After Dismal Sales, Honda Finally Stops Selling The 2020 NSX In Japan

2020 Honda NSX
2020 Honda NSX
Image: Honda Japan

Carscoops and the Japanese site Car Watch report that Honda has ceased sales of the 2020 model year NSX. While this may not seem like a big deal because it’s a previous model year, it highlights the low sales the NSX has had even in its home market.

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According to Honda, though sales have stopped, production has not. The NSX is still being made for other markets, including the U.S. where it’s sold as an Acura. Even if you look on Honda’s Japanese site, it says the 2020 model isn’t available — and there isn’t an option to choose the ’21. Weirdly, if a Japanese customer finds a 2020 model left over in dealer stock, they can have it on a subscription basis, Carscoops said.

Could this point to the NSX being entirely discontinued in Japan? Maybe. But it does point to the low sales the hybrid supercar has had since its long-awaited introduction. Sales numbers for the JDM NSX are hard to find, but what I did learn was that Honda sold a grand total of nine NSXs in Japan in January 2020. Honda was shooting for 800 cars a year, with 6,000 in the first three years. Also, keep in mind that the NSX was discontinued completely last fall in Australia after selling none the whole year and three in 2019.

Advanced Sports Car Concept
Advanced Sports Car Concept
Image: Acura

The world waited years for the third-generation NSX as it changed from concept to production. It started life as a concept called the ASCC, or Advanced Sports Car Concept, way back in 2007. That concept was powered by a V10. Honda’s CEO at the time told the public that the car would be coming to market by 2010. Development mules started to be seen running around the Nürburgring in 2008.

However the world’s financial crisis affected Honda, and the company announced that the development of the NSX had been canceled. Then 2010 came, and all of a sudden Honda was racing the NSX. Called the HSV-010 GT it was powered by a specially developed 3.4-liter V8. Not long after that, in late 2011, reports came that the NSX was in development again. When the North American International Auto Show rolled around in early 2012, Acura debuted the NSX concept. Even after all of that, it was another three years before the production NSX made its debut at the 2015 NAIAS.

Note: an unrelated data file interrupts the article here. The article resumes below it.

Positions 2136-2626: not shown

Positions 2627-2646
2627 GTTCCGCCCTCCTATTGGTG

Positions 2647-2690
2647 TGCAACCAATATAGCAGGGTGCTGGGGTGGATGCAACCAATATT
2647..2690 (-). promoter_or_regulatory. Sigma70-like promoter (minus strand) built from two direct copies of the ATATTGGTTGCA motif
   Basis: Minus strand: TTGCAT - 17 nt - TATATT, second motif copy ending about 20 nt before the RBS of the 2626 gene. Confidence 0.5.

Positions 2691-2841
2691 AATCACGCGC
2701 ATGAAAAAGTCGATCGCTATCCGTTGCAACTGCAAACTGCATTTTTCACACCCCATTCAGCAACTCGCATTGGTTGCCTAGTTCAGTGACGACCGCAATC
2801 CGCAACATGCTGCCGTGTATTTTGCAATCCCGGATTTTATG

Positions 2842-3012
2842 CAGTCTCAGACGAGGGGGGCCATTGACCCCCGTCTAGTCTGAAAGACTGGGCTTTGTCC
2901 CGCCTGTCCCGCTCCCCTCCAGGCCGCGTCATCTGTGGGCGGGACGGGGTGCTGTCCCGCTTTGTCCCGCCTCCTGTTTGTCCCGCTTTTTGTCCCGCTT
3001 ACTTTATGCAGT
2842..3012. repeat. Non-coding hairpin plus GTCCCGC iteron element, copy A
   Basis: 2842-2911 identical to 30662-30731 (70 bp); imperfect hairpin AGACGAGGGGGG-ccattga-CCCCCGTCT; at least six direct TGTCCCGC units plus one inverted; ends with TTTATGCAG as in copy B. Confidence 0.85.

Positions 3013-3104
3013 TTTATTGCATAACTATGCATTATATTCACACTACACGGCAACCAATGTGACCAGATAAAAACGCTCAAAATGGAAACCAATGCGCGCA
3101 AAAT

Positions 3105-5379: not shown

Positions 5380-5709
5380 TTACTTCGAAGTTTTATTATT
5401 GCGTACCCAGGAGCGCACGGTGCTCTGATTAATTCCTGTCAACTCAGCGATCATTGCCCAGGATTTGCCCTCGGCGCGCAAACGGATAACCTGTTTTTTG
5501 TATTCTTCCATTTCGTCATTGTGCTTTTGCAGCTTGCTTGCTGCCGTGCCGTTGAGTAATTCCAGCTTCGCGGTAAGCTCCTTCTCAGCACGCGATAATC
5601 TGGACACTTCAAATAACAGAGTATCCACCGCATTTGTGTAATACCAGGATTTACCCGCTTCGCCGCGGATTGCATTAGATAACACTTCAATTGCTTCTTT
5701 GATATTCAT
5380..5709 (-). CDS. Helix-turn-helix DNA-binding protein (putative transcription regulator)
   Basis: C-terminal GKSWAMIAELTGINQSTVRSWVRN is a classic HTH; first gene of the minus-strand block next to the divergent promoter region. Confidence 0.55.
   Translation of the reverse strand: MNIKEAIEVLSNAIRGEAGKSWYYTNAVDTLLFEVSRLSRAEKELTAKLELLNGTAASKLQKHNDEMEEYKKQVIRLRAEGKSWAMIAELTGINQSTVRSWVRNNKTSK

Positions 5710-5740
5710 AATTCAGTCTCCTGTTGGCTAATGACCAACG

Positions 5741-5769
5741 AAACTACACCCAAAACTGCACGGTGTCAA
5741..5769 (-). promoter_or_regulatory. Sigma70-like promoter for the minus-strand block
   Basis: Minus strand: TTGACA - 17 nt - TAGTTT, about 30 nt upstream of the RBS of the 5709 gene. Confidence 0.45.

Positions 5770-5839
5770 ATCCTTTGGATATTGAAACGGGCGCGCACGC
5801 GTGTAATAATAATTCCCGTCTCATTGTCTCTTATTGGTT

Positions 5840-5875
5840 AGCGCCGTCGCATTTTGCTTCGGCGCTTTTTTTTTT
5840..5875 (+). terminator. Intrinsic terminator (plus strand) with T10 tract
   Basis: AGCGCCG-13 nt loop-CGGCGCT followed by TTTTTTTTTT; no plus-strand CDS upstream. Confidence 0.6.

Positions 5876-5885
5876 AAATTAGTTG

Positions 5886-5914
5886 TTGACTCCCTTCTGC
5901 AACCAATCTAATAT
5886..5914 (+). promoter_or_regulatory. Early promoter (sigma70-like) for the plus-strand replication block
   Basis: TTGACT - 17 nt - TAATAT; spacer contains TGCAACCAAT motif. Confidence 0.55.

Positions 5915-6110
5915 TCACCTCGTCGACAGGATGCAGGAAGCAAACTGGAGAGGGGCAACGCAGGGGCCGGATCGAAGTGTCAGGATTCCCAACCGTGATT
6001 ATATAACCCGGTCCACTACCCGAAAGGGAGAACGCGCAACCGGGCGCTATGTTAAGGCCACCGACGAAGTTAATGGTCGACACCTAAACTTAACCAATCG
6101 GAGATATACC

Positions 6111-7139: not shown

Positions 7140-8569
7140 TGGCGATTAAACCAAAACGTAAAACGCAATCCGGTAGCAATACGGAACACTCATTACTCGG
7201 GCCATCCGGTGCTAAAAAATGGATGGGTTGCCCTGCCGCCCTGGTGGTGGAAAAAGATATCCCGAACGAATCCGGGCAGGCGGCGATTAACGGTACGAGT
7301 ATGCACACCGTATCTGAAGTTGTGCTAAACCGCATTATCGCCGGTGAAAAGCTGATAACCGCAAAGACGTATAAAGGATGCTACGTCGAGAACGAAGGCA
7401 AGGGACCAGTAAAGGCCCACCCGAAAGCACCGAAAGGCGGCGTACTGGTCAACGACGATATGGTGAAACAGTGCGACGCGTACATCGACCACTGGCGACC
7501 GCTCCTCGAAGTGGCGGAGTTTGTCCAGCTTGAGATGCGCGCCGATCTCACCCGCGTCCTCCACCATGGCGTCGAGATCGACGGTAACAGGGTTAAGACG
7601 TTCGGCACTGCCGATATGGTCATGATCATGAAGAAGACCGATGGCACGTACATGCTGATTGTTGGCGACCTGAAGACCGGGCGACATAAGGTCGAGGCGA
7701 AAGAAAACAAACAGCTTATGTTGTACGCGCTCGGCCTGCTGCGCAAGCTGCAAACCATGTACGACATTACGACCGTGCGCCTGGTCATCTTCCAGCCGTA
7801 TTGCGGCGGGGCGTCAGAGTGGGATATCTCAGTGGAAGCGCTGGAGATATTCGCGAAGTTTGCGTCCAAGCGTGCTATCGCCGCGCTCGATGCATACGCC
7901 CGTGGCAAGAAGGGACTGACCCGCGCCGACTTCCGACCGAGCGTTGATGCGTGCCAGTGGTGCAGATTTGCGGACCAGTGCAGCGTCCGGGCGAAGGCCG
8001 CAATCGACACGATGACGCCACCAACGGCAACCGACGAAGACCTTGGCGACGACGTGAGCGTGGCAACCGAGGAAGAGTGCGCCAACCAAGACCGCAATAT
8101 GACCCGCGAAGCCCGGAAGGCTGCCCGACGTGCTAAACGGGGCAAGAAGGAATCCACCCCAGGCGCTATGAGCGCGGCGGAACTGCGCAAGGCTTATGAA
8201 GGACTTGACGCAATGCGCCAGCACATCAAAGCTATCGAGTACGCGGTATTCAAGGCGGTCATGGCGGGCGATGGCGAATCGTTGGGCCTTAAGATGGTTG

2021 NSX in Long Beach Blue Pearl
2021 NSX in Long Beach Blue Pearl
Image: Acura
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Since its debut, sales have never been that great. Granted it’s a low-volume, six-figure hybrid supercar that’s sold by a brand that hasn’t been taken seriously as a luxury player for years. But still. Here in the U.S., and as is the case with most models’ debut, its best year was its first year, 2016. Acura moved 269 units. In 2017 there was a sales increase of 117 percent to 581 units. Then sales dropped nearly 72 percent in 2018, to 170. A 40 percent rebound came in 2019 with 238 sales. However, 2020 brought a 46 percent drop with only 128 sales. Only a handful are being sold every month.

Could we be seeing the end of the vaunted NSX? It’s hard to say. While Acura seems to be trying to get its performance mojo back with its A-Spec and coming TLX and MDX Type S models, a six-figure sports car that’s selling a few a month might not make financial sense for too much longer. So if you have the means, please go buy an NSX. We might not see anything like it again from Honda.

Staff Writer at Jalopnik. Dad. Lover of all things with 4 wheels. Weird interest in buses.

DISCUSSION

Supercar looks and cost.

Mustang performance.

It was just late to a party, found most people already filled their dance cards, then now everyone ran home because plague. The i8 should have also been a pretty strong warning that the market was really soft for this level of “supercar”.